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Living with the Future in Mind
Goals and Indicators for New Jersey's Quality of Life
First Annual Update to the Sustainable State Project Report 2000

Indicator 31


Additional  Natural and Ecological Integrity  Indicators

30 - Freshwater Wetlands

32 - River Health

33 - Marine Water Quality

Nesting Water Bird Populations

Population of nesting colonies of water birds: Decreasing

  Things to think about 

Water birds such as herons and egrets were once almost wiped out by the millinery trade but made a great comeback once laws were put into place to protect them from hunting and trapping. Their current decline stems both from habitat loss, which may not be possible to reverse, as well as from human disturbance, excessive predation, and possibly exposure to contaminants and pesticides, which may be reversible.

· Water birds nest in large colonies and thus need large undisturbed areas for nesting and breeding.

 

Importance

Our populations of American egrets, night herons, and other water birds are declining. Water birds are generally at the top of the food chain, and so their well-being can serve as an indicator of the general health of the ecosystem on which they rely: in this case, our wetlands and shore. If water birds are declining, we can also infer that the species they eat, such as fish, amphibians, and insects, are also in trouble. This decline is due in part to the over-development of shoreline areas and wetlands.

Economic

Bird watching is the fastest- growing outdoor sport in the United States. This indicator is important to watch not only for the direct contribution of bird watchers to our economy, but because the habitat that water birds prefer is also the habitat preferred by vacationers seeking refuge from a busy world. If this habitat is lost, it will have other economic impacts, such as additional flooding, water supply degradation, and weakened fisheries.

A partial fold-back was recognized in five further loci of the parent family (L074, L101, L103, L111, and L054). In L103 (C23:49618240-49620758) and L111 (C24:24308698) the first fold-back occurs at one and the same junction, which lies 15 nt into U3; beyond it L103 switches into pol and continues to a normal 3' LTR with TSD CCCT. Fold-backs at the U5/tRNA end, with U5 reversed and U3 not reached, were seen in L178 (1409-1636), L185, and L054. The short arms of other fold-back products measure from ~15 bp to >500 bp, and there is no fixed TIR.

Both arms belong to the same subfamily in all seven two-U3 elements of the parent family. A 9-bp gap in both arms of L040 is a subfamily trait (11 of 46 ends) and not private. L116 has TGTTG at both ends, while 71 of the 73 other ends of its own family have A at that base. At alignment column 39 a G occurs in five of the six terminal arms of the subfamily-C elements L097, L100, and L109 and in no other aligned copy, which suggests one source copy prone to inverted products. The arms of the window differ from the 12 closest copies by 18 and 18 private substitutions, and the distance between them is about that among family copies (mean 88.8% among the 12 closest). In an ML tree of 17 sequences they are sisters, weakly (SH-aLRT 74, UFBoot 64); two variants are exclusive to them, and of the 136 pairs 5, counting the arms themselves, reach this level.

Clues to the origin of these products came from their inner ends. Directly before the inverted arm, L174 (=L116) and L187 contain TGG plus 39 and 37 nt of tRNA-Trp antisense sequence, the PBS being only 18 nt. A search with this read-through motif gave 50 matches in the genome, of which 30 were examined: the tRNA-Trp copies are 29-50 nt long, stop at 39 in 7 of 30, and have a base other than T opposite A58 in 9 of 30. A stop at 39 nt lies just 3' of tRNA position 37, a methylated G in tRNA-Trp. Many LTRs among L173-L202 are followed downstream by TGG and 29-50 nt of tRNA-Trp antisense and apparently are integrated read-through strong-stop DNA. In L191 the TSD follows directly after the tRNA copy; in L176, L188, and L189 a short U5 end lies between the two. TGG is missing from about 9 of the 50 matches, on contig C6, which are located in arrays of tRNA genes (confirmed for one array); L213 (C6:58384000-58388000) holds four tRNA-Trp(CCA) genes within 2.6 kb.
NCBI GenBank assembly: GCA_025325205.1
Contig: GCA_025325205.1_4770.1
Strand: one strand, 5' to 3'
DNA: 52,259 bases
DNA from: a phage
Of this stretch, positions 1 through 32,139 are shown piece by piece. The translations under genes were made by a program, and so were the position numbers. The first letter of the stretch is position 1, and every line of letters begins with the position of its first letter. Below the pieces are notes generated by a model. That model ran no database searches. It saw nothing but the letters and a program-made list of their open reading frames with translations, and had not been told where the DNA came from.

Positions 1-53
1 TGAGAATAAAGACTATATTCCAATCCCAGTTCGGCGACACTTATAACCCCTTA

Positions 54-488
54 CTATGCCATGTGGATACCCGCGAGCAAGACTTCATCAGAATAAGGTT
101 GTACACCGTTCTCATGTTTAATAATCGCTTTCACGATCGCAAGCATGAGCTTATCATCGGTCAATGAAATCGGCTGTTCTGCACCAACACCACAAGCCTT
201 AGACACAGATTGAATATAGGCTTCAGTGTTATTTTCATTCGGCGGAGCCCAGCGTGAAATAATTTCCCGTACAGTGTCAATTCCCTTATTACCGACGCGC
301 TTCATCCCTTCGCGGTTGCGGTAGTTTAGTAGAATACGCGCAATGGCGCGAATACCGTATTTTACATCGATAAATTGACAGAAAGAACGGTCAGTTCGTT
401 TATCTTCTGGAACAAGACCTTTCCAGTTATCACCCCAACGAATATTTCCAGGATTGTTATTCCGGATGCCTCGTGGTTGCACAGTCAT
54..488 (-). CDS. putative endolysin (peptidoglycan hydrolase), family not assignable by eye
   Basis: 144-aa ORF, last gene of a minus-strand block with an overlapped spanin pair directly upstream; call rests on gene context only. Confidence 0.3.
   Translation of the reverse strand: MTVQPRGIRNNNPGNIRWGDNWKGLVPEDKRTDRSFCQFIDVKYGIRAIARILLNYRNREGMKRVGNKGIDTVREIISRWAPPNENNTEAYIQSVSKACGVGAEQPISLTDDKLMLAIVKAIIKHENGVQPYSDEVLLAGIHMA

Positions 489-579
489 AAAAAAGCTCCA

Environmental

Water birds react to many changes in the environment, including excessive human disturbance or disruption. Their decline alerts us to many environmental problems, from pollution to habitat loss. They are good indicators of toxics because they are long-lived, feed high on the food chain, and are reproductively sensitive. As a result, they are a "plural indicator species." Declining populations of indicator species can indicate an ecological unraveling that threatens our state’s natural capital as well as the clean air and water provided to us "for free" by nature.

Social

Birds, like all of New Jersey’s wildlife, are part of our heritage and our memories. They are part of what it means to explore the back bays, lagoons, and marshes of our state and to participate in the tradition of experiencing nature.

Knowledge Gaps

These data account for a small number of species in a small section of New Jersey. We need population data for many other species of birds and animals for each of New Jersey’s many habitats and ecosystems. Since water birds are migratory, data are necessary to account for what happens to them after they leave New Jersey. A clearer understanding of the factors involved in water bird population decline would also be useful. Additional data are needed for this indicator, as this survey has not been conducted since 1995. However, resources to update the data are being pursued.

Data Source: NJ Department of Environmental Protection

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Copyright © State of New Jersey, 1996-2006
Department of Environmental Protection
P. O. Box 402
Trenton, NJ 08625-0402

Last Modified: May 1, 2007

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